Take a look at the video of Love's post moves below. While he is incredibly deft and possesses a very, very soft touch, you'll notice that a significant portion of his shots come too far away from the basket and that he occasionally looks off-balance when he shoots the basketball.

Those little hitches are the primary reason as to why Love's percentages inside are not what they should be. In 2012-13, Love was absolutely abysmal around the basket. Check out his shot chart.


Shooting just over 40 percent at the rim is disgraceful.

Now, in Love's defense, that was by far the worst percentage of his career, and he was right in between 53 and 54 percent in each of his other four seasons (which isn't that great either, to be honest). Plus, he only played in 18 games during the 2012-13 campaign due to various injuries.

Still, that number is atrocious, and, again, shooting 53-54 percent on shots less than eight feet from the basket is nothing to write home about, either.

The good news is that Love can get better. It's not that he doesn't have the talent; he just needs to correct his mechanics, and while that's easier said than done, it's certainly doable.

The main thing is that Love must make a conscious effort to get himself under control when he is posting up. Working deeper in the post would also help significantly. You probably noticed during the video that, for someone as big as Love, he tends to fade away far too often rather than use his bulk to push his defender further. Obviously, that results in lower-percentage shots.

One move that Love does have down pat is the spin to the baseline. It is a very quick move, and if he can add a few more nuances to his overall arsenal, it will become that much deadlier.

Again, the foundation is absolutely there for Love to be a dominant post player. He just needs some refinement.

Hopefully, Love devotes more practice time to sharpening his post skills than he does to working on his long-distance shooting.


3. Improve Defensively, Especially in The Pick-and-Roll 

The most well-known hole in Love's game is his defense. If he were a good defender, there would be virtually no debate on who the best power forward in the game is.

After all, Love can put up 25 and 15 on a nightly basis, so the fact that he is not considered to be hands down the league's top power forward is an indictment of how poor he really is on that end of the floor.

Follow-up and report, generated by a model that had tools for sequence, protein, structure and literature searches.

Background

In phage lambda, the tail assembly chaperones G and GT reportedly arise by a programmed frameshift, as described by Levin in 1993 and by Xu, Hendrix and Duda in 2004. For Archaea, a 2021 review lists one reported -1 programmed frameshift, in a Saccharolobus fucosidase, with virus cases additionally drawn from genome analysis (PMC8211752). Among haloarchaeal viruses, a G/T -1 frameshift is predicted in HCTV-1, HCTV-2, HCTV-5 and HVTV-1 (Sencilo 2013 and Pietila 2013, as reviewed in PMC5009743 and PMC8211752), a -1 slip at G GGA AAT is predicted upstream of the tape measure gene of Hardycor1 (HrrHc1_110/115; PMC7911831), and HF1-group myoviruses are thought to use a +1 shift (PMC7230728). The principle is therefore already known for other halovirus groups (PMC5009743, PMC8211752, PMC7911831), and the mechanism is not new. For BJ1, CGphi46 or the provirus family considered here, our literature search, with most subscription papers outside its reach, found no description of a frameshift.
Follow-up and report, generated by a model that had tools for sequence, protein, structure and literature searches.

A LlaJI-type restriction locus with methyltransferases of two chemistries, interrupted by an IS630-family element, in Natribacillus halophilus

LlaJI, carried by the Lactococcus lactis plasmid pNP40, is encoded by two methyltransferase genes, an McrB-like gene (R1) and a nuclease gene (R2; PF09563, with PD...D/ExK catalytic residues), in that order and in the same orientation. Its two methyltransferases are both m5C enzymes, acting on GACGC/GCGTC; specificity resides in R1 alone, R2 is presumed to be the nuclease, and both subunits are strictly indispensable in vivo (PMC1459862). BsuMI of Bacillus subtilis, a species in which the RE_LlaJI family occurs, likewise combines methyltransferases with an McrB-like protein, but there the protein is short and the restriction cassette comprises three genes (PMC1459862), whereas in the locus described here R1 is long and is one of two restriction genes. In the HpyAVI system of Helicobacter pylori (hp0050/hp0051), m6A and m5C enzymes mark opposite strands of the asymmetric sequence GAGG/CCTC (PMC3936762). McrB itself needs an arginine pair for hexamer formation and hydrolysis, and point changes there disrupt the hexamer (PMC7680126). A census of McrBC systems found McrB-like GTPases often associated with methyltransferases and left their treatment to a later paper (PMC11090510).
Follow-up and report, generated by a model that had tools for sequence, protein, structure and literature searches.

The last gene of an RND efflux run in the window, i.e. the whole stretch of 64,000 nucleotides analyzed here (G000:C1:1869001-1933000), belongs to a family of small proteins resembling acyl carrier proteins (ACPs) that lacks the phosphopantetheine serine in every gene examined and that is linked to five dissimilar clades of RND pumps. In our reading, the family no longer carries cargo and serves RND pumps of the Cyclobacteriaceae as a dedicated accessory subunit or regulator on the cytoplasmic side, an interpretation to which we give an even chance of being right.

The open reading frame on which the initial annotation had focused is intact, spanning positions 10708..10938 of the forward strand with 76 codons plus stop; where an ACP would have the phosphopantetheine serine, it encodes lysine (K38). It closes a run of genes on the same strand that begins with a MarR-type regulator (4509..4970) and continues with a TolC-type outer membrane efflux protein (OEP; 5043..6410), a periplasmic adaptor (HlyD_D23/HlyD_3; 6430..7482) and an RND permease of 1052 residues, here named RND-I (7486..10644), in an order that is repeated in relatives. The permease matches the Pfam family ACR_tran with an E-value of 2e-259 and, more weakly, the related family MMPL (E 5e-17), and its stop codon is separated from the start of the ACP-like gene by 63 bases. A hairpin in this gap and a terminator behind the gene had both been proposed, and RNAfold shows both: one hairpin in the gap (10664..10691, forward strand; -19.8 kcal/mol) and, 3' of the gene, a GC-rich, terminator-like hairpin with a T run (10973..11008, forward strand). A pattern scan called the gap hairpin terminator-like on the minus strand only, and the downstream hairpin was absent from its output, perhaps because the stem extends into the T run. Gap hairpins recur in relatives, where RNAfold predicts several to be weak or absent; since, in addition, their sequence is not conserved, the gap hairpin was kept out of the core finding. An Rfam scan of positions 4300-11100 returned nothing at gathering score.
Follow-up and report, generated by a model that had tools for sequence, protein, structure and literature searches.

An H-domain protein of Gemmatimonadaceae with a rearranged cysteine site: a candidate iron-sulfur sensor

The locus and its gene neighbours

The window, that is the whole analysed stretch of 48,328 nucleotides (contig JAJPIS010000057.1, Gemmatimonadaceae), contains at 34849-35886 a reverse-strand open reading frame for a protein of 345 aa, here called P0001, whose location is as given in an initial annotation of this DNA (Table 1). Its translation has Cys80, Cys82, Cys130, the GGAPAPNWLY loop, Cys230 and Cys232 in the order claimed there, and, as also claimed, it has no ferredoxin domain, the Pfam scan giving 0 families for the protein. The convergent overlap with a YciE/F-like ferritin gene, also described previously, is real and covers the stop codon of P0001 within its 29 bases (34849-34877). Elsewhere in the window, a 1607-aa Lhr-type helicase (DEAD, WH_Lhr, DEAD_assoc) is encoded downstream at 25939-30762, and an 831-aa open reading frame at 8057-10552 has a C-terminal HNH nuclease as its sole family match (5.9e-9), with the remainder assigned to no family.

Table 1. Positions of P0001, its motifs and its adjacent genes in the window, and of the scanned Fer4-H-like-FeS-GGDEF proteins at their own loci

MINNEAPOLIS, MN - DECEMBER 26: Kevin Love #42 of the Minnesota Timberwolves waits to resume action against the Houston Rockets on December 26, 2012 at Target Center in Minneapolis, Minnesota. NOTE TO USER: User expressly acknowledges and agrees that, by d
David Sherman/Getty Images

Let's start with something general that Love needs to improve: shot-blocking.

Love is 6'10", and yet, he owns a lifetime mark of 0.5 blocks per game. That is inexcusable for someone his size. You would think he would swat at least one shot a night due to the mere fact that he is 6'10". 

Love does not need to become Dikembe Mutombo, but it would greatly behoove him and his team if he would block a few shots here and there.

Now, you may say that Love simply isn't athletic enough to do that, and while that may be true, shot-blocking is an art that is not purely based on how high one can jump. A very solid portion of it has to do with positioning and timing, and that is something Love needs to work on.

Okay; so we have Love's most basic defensive weakness out of the way. It's time to dig a little deeper.

One area where Love really struggles is pick-and-roll defense. That really should not come as much of a surprise, either, as he doesn't exactly possess great footspeed.

Watch how James Harden takes advantage of Love in pick-and-roll sets toward the end of a game last season.

On the first possession, Love positions himself perfectly. However, due to Love's lack of lateral quickness, Harden simply blows by him for an easy two points.

In the second screen-and-roll, Love comes out too far, and he foolishly tries to reach in and slap the ball away from Harden, allowing the Houston Rockets star to effortlessly get into the lane.

In the final play of the video, Love just takes an incredibly bad angle and, for some inexplicable reason, plays Harden to go to his left, which is exactly what the 2-guard wants. Two more points. 

So, it's not only poor footspeed that prevents Love from being an adequate defender. It's also his basketball IQ, which could clearly use some fine-tuning on that end of the floor.

There are also times when Love looks absolutely lost in one-on-one situations.

Take a look at the GIF. Love appears completely clueless as to how to defend Tyler Hansbrough. He gets fooled, and then doesn't even make an attempt to get a hand up contest the shot.

Love may not be able to get that much quicker, but what he can do is learn how to play defense more effectively. There is no excuse for a player of his caliber to play so haphazardly on that end of the floor.